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# The Slope and Y-intercept

## The Slope The slope of a line is a measure of how steep the line is. A line that climbs quickly, like the red line in the picture to the right, has a big slope, while a line that climbs slowly has a small slope.

By "small", I mean "close to zero" not "very negative", e.g. -1,000,000. A negative slope means something else. A line whose slope is negative is "decreasing". It starts from the top left corner and drops to the top right. A positive slope, on the other hand, means the line is "increasing", i.e. it starts at the bottom left and rises to the top right.

Putting these two ideas together gives us the following possibilities. (Remember that "small" means close to zero.)

 size sign behavior small positive the line is relatively flat and increasing small negative the line is relatively flat and decreasing big positive the line is relatively steep and increasing big negative the line is relatively steep and decreasing

### Calculating the Slope

The last section's descriptive definitions were interesting but it would be great if we could turn the slope into a number instead of subjective words like "big" and "flat". The idea behind the slope's equation is a simple one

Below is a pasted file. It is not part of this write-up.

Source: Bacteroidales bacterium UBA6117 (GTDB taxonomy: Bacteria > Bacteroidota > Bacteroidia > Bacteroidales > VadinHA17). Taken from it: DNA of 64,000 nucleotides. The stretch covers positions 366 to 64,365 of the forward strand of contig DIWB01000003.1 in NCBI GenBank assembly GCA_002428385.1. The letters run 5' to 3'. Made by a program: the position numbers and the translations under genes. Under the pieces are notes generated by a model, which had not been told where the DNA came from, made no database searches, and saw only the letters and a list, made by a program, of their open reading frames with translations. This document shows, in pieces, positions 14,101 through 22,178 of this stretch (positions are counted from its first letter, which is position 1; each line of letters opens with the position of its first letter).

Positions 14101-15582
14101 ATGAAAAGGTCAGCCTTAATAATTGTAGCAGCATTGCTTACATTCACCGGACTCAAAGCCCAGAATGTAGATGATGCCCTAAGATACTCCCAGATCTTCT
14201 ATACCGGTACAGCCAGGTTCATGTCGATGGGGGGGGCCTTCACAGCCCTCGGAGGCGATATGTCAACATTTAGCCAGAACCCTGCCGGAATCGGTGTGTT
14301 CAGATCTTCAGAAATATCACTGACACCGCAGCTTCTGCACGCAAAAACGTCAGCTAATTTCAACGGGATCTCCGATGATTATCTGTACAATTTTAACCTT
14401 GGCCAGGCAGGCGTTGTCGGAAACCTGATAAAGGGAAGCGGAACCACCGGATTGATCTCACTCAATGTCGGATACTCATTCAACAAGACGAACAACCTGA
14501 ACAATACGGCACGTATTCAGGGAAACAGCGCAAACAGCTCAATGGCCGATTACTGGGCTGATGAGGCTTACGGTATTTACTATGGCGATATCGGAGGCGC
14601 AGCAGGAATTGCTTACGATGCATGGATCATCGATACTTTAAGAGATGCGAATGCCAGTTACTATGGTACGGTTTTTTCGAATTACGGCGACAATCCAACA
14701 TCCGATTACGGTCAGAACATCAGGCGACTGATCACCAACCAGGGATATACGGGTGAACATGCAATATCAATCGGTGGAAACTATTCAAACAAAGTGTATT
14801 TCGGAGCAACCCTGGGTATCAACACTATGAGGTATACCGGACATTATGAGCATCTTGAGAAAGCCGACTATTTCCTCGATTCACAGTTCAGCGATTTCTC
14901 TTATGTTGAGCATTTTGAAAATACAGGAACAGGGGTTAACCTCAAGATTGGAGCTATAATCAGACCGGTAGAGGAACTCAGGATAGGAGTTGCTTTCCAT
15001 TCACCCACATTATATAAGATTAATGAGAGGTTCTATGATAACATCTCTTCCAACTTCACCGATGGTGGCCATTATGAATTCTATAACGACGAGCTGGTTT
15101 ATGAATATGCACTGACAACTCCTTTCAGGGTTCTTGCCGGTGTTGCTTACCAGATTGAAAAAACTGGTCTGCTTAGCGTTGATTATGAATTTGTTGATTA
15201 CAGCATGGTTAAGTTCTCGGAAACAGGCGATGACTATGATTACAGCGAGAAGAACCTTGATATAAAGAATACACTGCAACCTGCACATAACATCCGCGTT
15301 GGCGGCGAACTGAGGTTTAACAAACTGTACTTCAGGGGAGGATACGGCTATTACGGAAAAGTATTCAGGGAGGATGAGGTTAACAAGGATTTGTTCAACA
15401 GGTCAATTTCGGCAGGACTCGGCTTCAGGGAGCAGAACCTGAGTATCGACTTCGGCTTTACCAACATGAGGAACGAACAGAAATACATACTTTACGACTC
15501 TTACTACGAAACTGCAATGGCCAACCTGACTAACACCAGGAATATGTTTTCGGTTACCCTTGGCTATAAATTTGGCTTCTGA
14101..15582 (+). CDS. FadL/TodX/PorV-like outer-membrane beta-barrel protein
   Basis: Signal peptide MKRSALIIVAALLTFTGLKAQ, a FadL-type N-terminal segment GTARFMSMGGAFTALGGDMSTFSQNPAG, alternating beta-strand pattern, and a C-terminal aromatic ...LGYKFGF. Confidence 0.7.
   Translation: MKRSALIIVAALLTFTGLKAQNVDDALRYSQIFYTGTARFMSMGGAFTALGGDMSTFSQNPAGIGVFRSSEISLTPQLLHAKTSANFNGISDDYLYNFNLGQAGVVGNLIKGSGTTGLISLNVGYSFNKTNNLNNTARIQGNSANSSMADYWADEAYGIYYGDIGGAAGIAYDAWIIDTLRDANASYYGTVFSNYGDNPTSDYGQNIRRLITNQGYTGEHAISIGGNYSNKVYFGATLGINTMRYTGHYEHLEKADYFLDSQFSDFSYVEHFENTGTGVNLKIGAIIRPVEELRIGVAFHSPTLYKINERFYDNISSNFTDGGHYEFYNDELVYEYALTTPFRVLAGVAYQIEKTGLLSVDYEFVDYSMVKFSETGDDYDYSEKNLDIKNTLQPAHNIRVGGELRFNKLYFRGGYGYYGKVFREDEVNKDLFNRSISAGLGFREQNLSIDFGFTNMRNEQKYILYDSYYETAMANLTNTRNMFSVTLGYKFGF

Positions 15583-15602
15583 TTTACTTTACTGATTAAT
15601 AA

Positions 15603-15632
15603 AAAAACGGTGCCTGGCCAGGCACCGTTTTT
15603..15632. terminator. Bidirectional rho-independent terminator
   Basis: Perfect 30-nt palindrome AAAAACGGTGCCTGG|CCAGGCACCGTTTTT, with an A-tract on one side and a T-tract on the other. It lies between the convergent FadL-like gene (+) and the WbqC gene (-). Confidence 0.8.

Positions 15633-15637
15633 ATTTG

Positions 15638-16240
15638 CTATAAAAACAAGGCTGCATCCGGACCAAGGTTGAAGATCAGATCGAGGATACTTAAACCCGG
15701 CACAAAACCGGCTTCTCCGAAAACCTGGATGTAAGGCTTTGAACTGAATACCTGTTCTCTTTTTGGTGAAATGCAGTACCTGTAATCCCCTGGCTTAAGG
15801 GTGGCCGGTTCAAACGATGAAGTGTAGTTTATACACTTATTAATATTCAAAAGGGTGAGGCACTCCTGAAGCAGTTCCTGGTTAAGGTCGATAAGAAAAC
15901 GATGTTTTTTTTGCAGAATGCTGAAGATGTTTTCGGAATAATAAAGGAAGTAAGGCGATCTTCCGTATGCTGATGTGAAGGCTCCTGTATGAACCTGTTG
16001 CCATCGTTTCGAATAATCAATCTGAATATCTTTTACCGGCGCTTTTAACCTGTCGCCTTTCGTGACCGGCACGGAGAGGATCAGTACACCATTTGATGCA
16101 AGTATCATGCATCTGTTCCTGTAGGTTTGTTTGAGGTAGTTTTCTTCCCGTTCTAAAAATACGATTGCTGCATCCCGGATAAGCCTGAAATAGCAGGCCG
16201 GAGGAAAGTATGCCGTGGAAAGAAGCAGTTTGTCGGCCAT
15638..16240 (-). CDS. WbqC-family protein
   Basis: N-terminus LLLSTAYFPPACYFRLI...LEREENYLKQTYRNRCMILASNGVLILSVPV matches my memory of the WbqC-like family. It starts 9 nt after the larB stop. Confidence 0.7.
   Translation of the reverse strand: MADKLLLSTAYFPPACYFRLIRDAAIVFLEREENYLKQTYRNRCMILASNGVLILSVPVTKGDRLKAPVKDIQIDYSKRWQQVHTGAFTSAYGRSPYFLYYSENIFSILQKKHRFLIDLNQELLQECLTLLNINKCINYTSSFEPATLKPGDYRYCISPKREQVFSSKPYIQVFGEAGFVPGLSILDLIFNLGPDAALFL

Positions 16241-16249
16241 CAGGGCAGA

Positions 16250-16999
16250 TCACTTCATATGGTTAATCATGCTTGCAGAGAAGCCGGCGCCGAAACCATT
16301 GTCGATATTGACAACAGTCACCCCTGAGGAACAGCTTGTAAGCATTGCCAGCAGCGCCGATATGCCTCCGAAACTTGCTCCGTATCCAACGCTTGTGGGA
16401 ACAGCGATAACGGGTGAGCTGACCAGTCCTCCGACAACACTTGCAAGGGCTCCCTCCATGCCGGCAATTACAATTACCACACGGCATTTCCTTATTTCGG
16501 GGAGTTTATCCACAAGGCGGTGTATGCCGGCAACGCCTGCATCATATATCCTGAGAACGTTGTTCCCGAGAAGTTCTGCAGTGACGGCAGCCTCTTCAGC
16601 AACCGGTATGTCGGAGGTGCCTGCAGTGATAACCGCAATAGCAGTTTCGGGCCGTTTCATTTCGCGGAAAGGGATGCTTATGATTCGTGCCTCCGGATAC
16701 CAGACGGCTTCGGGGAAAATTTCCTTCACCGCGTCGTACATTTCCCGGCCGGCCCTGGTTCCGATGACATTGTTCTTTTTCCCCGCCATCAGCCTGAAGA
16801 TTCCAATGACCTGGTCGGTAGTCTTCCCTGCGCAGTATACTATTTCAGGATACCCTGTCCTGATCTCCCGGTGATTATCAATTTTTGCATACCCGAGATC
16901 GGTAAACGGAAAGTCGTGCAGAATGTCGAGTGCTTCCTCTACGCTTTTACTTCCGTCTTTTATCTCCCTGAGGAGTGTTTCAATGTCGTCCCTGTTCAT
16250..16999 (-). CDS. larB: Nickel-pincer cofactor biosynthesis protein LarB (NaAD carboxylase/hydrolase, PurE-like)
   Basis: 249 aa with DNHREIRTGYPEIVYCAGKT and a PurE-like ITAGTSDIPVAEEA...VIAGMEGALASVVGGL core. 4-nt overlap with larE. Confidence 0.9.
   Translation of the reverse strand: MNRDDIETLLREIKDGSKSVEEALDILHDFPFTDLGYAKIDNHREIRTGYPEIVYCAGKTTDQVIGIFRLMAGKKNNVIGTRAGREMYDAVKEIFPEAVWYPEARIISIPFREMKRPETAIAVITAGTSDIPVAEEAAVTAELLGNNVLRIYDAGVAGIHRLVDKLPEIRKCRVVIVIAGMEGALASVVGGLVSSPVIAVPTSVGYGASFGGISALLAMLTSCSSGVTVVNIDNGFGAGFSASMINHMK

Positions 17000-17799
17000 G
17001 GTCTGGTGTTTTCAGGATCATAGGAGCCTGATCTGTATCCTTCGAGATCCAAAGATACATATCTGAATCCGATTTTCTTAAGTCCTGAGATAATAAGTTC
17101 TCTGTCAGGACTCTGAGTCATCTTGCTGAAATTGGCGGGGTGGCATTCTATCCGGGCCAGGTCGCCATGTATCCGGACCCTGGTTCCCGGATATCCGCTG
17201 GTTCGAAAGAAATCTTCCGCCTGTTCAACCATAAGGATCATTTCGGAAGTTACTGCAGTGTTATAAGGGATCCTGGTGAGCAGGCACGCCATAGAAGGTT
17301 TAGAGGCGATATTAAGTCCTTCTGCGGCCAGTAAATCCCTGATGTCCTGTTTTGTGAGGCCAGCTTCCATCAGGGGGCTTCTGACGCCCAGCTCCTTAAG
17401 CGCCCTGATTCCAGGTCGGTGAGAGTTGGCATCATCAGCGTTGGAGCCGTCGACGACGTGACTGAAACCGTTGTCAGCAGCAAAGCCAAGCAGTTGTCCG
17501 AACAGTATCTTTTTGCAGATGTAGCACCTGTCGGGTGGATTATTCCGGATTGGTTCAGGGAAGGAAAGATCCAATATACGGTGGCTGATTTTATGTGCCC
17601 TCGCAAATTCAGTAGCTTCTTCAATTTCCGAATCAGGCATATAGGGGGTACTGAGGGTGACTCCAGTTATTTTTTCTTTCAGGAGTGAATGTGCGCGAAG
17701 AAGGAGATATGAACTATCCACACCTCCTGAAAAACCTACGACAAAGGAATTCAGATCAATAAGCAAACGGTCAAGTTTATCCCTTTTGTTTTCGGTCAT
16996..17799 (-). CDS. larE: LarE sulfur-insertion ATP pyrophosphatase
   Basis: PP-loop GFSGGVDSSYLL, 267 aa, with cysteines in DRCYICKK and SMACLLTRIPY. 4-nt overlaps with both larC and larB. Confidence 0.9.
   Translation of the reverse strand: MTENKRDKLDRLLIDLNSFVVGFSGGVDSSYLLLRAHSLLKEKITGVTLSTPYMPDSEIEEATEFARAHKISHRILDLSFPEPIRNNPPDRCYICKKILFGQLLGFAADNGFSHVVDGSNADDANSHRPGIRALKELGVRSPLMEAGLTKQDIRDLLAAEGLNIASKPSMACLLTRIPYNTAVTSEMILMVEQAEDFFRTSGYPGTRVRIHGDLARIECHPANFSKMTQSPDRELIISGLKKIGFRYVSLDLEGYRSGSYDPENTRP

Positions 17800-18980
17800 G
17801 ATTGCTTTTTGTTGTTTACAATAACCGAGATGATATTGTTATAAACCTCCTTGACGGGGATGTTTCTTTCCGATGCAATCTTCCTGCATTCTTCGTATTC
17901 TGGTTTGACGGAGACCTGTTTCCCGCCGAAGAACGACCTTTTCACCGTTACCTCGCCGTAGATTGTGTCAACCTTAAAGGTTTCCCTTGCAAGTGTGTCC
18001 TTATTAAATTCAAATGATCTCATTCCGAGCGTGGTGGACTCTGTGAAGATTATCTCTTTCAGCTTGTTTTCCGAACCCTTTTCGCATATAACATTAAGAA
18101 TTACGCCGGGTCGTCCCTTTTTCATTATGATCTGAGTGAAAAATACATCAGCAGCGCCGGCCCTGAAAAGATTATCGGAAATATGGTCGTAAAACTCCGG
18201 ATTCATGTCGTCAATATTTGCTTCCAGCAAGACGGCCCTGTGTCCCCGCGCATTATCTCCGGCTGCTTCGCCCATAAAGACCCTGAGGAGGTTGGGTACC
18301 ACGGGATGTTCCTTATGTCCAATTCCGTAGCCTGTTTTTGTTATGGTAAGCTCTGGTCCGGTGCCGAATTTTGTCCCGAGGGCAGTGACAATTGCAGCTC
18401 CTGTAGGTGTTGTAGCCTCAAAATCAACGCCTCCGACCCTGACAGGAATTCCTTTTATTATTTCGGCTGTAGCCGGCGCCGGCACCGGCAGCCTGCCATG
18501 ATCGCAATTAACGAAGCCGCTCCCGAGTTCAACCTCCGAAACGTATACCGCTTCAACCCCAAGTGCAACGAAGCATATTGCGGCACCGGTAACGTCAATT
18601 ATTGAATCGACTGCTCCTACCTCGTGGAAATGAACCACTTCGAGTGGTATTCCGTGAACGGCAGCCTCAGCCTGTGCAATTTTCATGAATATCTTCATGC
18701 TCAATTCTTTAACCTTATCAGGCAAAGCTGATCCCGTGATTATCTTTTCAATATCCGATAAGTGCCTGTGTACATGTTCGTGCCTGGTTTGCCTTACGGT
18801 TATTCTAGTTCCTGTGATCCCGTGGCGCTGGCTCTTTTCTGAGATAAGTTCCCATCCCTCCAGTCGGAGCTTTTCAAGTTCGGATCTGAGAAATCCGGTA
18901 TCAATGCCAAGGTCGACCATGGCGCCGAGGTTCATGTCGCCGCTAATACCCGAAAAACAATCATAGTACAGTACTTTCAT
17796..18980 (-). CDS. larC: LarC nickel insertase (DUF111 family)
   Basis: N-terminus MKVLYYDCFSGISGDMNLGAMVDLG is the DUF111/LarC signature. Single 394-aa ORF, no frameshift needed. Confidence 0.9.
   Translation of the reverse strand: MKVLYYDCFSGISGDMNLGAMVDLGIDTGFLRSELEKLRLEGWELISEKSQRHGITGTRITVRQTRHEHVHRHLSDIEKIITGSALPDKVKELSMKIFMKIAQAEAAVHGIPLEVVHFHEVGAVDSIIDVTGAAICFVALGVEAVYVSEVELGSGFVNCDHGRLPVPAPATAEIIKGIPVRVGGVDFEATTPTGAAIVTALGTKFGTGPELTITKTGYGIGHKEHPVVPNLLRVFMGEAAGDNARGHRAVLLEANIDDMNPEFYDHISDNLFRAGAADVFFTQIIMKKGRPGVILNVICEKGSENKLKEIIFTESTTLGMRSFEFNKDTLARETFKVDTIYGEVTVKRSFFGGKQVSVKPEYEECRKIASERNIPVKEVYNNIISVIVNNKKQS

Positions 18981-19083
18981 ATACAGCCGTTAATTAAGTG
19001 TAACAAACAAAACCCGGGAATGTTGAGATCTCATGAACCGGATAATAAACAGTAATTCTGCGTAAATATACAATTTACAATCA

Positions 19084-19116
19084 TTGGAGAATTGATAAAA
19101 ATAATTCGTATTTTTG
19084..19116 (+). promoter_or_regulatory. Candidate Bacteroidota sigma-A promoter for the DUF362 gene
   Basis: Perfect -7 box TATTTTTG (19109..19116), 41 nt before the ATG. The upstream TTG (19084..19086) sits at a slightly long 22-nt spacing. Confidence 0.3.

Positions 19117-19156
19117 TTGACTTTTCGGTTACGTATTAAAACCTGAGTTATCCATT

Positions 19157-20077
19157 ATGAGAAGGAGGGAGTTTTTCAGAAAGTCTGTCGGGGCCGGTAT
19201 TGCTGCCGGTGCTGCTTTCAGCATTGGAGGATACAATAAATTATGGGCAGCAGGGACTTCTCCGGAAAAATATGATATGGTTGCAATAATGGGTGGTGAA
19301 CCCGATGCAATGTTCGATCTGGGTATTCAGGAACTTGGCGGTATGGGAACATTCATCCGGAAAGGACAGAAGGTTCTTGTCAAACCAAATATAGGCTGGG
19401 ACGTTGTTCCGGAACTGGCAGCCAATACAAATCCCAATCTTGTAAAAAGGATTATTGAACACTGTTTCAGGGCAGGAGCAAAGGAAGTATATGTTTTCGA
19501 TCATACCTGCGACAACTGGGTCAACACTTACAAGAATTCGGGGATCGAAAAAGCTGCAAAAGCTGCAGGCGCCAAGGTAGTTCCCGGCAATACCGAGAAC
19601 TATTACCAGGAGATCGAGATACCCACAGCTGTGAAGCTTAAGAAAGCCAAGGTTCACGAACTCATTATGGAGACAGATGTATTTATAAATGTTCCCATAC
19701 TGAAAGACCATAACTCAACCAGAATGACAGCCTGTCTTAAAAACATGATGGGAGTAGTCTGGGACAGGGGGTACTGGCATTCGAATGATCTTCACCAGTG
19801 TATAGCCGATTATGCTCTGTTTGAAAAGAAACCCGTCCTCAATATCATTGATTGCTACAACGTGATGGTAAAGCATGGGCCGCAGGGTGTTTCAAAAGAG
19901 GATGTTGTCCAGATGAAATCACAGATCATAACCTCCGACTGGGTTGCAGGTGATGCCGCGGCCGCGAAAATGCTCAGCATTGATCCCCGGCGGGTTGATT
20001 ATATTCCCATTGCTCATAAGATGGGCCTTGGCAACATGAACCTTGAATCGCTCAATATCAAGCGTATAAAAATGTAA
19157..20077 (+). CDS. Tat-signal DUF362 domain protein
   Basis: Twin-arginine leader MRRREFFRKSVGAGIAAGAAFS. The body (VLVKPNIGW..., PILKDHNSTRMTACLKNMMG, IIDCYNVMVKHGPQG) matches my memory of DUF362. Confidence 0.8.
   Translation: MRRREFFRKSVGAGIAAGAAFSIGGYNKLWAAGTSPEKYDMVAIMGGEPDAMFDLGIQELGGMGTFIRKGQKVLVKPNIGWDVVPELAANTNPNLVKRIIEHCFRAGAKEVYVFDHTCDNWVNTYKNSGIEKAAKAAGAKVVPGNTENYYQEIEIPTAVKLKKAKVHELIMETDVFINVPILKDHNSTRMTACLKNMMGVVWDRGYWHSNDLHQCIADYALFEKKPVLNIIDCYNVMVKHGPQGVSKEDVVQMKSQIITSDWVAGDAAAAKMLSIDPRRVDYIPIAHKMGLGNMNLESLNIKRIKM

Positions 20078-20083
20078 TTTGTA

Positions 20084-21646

m = rise run

"rise" is pretty self-explanatory. It's how much the line increases between two points. In other words, how much it changes in the y direction. "run", on the other hand, refers to how far the line moves in the x direction between the same two points.

That's nice but we still haven't translated our definition into a number. To do that we have to have real points with which to work. Say I give you two points whose coordinates are (x1, y1) and (x2, y2). Then the line changes by y1 - y2 in the y direction and x1 - x2 in the x direction. Substituting these expressions into our "rise over run" formula gives us

 m = y1 - y2 x1 - x2

For some examples of calculating the slope with real numbers see the Getting the Equation section.

## The Y-intercept This is the easier of the two parts of a line's equation. The y-intercept is just the point where the line crosses the y-axis. If you look at the graph on the right, the y-intercept of the red line is 1 and the y-intercept of the gray line is -3. Notice that the y-intercept is always given as a number not a set of coordinates.

Does it look to you like the red line crosses the y-axis at 1? Maybe it's really 1.1 and the graph is just hard to read because of the steepness of the line. This is always a problem when dealing with visual graphs. You're always better off using the equation instead of a picture unless a question specifically tells you otherwise. If a question specifies that you should use a diagram then you can assume that the person asking it is going to take minor inaccuracies into account.